hostile takeover of the International Sunfish Class Association (ISCA). Finally, it's the Laser sailors' turn to watch the fight from the sidelines. I know, I know, many have drawn the conclusion that the ILCA is next, but Bruce Kirby may still be holding LP at bay.
We all knew about the Kirby v. LP case. Some were partial to Kirby's side (ImproperCourse), some were partial to ILCA's side (ProperCourse), but very few understood or really got behind LP's point of view. Some perceived the ILCA to be siding with LP but to me it looked more like the ILCA was playing a chess game with LP, and the ILCA had essentially decided to sacrifice a pawn (Kirby) in hopes of staying in play a little longer. I thought it was the wrong move but I completely understood the logic of the move.
When the decision on the court case was handed down back in December 2016, most decided Kirby had lost and stopped paying attention. There were rumors of negotiations taking place behind the scenes and that a decent settlement for all (except Kirby and Global Sailing "GS") was likely and the Laser sailing game would go on as usual. The ISCA has apparently been having those same types of negotiations behind the scenes and look where they are now. Fortunately, for the Laser sailors, Bruce Kirby always had the best interests of the sailors in mind (yes, I believe, even when he added the ILCA to the lawsuit).
What most don't realize is that GS and Kirby did not just roll over and play dead when the decision was handed down in December 2016. In fact, the case is still pending, with the Judge issuing a decision in June 2017 saying that he made a mistake:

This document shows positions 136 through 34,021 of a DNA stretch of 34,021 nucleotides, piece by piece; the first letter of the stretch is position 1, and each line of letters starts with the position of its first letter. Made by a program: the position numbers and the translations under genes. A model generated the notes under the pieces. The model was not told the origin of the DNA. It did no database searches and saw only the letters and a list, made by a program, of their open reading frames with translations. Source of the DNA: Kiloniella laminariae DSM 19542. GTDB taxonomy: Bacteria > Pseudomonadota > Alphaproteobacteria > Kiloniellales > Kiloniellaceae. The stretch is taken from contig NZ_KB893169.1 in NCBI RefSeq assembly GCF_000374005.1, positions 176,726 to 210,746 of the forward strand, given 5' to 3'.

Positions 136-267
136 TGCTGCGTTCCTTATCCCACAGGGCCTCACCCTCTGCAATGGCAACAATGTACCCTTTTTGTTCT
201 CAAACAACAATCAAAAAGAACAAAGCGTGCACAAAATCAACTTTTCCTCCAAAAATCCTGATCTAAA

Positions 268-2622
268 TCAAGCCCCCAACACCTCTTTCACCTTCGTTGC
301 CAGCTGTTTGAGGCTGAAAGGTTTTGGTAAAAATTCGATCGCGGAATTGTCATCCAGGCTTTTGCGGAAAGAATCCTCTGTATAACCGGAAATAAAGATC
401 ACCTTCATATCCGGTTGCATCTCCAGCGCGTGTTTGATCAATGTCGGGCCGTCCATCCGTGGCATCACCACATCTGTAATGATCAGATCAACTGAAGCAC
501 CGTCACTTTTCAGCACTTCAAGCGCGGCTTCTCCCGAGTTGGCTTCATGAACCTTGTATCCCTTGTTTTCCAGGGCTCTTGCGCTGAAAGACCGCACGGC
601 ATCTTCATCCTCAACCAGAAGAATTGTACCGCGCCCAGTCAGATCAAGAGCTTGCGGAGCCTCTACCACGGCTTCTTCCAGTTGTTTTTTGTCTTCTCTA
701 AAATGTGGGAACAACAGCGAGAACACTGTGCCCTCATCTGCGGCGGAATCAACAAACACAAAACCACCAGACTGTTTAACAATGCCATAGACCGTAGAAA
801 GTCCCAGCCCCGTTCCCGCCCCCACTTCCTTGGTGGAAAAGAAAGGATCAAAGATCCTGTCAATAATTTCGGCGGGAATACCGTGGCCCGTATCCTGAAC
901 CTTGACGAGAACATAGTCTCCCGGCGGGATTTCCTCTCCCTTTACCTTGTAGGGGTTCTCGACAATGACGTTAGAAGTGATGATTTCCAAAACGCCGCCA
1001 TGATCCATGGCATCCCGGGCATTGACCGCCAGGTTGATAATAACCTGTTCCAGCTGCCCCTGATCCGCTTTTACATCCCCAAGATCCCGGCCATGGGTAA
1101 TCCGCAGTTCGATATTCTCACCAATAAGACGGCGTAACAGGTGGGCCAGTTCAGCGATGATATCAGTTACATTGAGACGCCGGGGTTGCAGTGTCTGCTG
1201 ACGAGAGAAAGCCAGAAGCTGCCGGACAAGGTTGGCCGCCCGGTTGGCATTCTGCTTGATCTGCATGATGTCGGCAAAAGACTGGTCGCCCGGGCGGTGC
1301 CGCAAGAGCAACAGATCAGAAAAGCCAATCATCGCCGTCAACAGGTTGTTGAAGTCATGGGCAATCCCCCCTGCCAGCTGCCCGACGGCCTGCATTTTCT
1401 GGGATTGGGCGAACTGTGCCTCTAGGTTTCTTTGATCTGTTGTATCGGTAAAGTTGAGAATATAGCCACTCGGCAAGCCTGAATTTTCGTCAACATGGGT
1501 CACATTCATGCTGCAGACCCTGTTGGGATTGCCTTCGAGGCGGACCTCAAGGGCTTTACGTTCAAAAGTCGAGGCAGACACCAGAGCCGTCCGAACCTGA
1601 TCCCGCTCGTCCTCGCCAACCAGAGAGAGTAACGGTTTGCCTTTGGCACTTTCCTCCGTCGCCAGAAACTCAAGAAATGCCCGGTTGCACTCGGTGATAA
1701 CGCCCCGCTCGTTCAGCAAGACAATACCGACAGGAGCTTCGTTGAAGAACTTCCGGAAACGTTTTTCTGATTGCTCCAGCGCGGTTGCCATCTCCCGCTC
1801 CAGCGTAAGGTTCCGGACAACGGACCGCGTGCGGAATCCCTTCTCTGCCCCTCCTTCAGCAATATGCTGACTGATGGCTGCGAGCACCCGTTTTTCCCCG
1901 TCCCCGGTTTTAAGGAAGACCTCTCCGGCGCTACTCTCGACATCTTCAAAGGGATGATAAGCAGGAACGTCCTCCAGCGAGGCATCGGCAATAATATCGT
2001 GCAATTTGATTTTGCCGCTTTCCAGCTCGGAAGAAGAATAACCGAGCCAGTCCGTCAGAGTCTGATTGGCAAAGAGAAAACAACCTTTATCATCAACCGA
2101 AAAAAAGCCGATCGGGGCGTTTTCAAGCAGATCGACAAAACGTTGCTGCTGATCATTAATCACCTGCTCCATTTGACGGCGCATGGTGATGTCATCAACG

... The Court dismissed Counts I through IV despite the fact that defendants themselves did not seek dismissal of these particular counts on standing grounds (likely because defendants knew that the BRUCE KIRBY® trademark had not been sold to GSL). In view that defendants did not seek dismissal of Counts I through IV on standing grounds, I do not think it was incumbent on plaintiffs to have anticipated the Court's mistake by making a fuller record of precisely what intellectual property rights had been sold rather than licensed to GSL. Because of the Court's own mistaken understanding on this issue, I think it is appropriate to correct the error ...
In that same decision the Judge said it was too late for GS to amend its counterclaims against LP in the pending case so GS filed a new lawsuit against Rastegar in July 2017 and that case was then joined with the Kirby case in October 2017:
As we have seen before, this might buy the Laser sailors a few years before LP can fully swallow up the ILCA and, in the meantime, we get to watch the ISCA class play its chess game with LP and maybe learn a few things along the way.
And, let's not forget that Kirby was particularly offended when he discovered that LP was trying to obtain the LASER trademark for the purposes of running regattas and he initiated cancellation proceedings of the LASER service mark (for regattas) as well as the LASER trademark (for sailboats). Unfortunately, he was forced to withdraw the cancellation proceedings for the sailboat mark since LP produced an old document stating that Kirby had agreed to never contest the LASER trademark (for sailboats). However, the US Trademark Office ruled that the agreement did not apply to the LASER service mark (for regattas) and allowed the proceeding to continue. That proceeding was stayed pending the outcome of the civil lawsuit but now appears to be moving again (but might get stayed again). In the meantime, LP filed for a new service mark for regattas on the starburst logo, which registered in July 2017.